In connection with acquisitions of businesses, similarly as in other countries, also in Slovakia antitrust legal regulations apply:
A concentration (i.e. a merger or amalgamation of two or more previously independent undertakings or an acquisition of direct or indirect control by one or more undertakings over another undertaking or part of it or over more undertakings or parts of them) may be subject to merger clearance provided that the statutory requirements are met. Control of all mergers meeting the notification criteria is conducted by the Antimonopoly Office of the Slovak Republic (the “Office”).
A concentration has to be notified to the Office if the following turnover thresholds are met:
- the combined aggregate (group consolidated) turnover of the undertakings concerned for the last financial year preceding the concentration in the Slovak Republic was at least €46 million, and at least two of the undertakings concerned have generated in the Slovak Republic each an aggregate turnover of at least €14 million for the last financial year preceding the concentration, or
- the aggregate turnover for the last financial year preceding the concentration in the Slovak Republic was
- (i) in the case of concentration by merger or amalgamation of two or more independent undertakings – at least €14 million generated by at least one undertaking concerned and the worldwide aggregate turnover generated for the last financial year preceding the con-centration generated by another undertaking concerned was at least €46 million,
- (ii) in the case of concentration by acquisition of control – at least €14 million generated by at least one target undertaking and the worldwide aggregate turnover for the last financial year preceding the concentration generated by another undertaking concerned was at least €46 million,
- (iii) in the case of concentration by creation of a full-function joint venture – at least €14 million generated by at least one of the undertakings creating the joint venture and the world-wide aggregate turnover for the last financial year preceding the concentration generated by another undertaking concerned was at least €46 million.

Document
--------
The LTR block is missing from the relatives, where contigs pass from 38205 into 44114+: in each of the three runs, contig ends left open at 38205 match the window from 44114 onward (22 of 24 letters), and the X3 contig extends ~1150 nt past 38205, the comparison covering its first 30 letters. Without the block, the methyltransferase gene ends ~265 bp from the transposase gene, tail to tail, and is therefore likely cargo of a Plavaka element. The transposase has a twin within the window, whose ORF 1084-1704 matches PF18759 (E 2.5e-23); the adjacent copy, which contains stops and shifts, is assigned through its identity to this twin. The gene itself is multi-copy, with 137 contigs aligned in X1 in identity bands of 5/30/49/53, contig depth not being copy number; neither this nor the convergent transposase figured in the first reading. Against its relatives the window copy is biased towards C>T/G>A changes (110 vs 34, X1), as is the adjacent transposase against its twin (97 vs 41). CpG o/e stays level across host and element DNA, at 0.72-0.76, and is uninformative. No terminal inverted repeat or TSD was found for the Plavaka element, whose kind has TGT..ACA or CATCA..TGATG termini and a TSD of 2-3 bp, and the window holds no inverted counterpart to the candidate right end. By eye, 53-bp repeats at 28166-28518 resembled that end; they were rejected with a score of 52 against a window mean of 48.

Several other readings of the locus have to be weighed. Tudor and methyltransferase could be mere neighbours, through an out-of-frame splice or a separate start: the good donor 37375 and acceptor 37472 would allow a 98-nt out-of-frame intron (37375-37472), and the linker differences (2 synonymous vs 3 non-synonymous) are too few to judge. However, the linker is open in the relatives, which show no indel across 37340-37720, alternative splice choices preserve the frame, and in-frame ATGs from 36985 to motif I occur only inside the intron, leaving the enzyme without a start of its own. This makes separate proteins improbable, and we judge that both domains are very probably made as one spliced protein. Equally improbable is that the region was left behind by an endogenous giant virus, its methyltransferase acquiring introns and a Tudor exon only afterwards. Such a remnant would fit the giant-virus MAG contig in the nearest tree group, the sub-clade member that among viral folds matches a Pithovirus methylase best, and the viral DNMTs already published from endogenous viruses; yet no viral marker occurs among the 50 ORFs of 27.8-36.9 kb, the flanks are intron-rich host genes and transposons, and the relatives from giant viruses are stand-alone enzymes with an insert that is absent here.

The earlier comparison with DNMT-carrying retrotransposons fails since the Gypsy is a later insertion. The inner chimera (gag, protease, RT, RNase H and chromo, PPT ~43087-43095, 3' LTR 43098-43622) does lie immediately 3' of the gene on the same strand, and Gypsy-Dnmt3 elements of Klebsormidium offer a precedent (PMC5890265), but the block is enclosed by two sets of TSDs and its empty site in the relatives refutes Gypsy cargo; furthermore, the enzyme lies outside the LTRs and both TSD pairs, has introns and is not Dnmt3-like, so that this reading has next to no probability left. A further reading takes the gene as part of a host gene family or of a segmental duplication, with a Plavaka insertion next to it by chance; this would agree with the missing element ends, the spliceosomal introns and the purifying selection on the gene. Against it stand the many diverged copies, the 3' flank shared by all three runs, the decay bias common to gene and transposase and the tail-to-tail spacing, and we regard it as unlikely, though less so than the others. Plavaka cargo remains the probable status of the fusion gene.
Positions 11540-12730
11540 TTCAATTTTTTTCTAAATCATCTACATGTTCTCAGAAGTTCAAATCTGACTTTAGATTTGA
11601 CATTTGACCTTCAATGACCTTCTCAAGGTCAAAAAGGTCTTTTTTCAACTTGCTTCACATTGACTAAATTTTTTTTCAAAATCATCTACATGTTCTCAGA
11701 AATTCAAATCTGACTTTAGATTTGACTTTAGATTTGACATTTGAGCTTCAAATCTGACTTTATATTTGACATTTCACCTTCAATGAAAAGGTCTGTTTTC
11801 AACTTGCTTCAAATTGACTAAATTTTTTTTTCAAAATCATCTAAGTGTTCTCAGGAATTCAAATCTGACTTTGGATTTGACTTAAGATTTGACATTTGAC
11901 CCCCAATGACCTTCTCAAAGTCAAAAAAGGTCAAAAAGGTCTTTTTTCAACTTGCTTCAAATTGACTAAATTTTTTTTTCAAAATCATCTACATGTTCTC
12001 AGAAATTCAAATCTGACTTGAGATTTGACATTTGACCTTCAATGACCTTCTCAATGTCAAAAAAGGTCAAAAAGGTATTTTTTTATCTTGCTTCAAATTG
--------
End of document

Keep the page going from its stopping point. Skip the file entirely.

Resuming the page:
All domestic and international transactions which meet the above notification thresholds are subject to review by the Office.
As Slovakia is an EU Member State, certain categories of concentrations are subject to control of the Commission. Should the turnovers of undertakings concerned meet the notification thresholds stipulated in Council Regulation (EC) No 139/2004 of 20 January 2004 on the control of concentrations between undertakings, the concentration will be regarded as being of community dimension. In such case, exclusive competence of the Commission to deal with a concentration having community dimension is established and the Office is competent to act only in cases specified in the EU Merger Regulation.
Register of Public Sector Partners
In addition to mandatory registration of ultimate beneficial owners (“UBO”) of a company with the Slovak commercial register, which results from the EU legislation (and hence this requirement is similar as in other EU countries), in Slovakia there applies yet another specific regulation concerning the UBOs.
In general, all legal entities or individuals (both local and foreign) making business with the state, state-owned enterprises and companies, or with other public entities, or otherwise receiving money or assets from public funds, must be registered in a Register of Public Sector Partners (certain exceptions apply). In the register – which is public – they must register and disclose their UBOs. Only specific persons and entities (such as attorneys-at-law, notaries, etc.) are entitled to make the registration on behalf of the registered person, hence the registered person cannot make the registration on its/his/her own.
Lengthy court proceedings
One of the main challenges not only for foreign investors, but also for local entrepreneurs, is the length of court proceedings, and hence difficulties to efficiently and quickly enforce one’s rights. The court proceedings can take several years.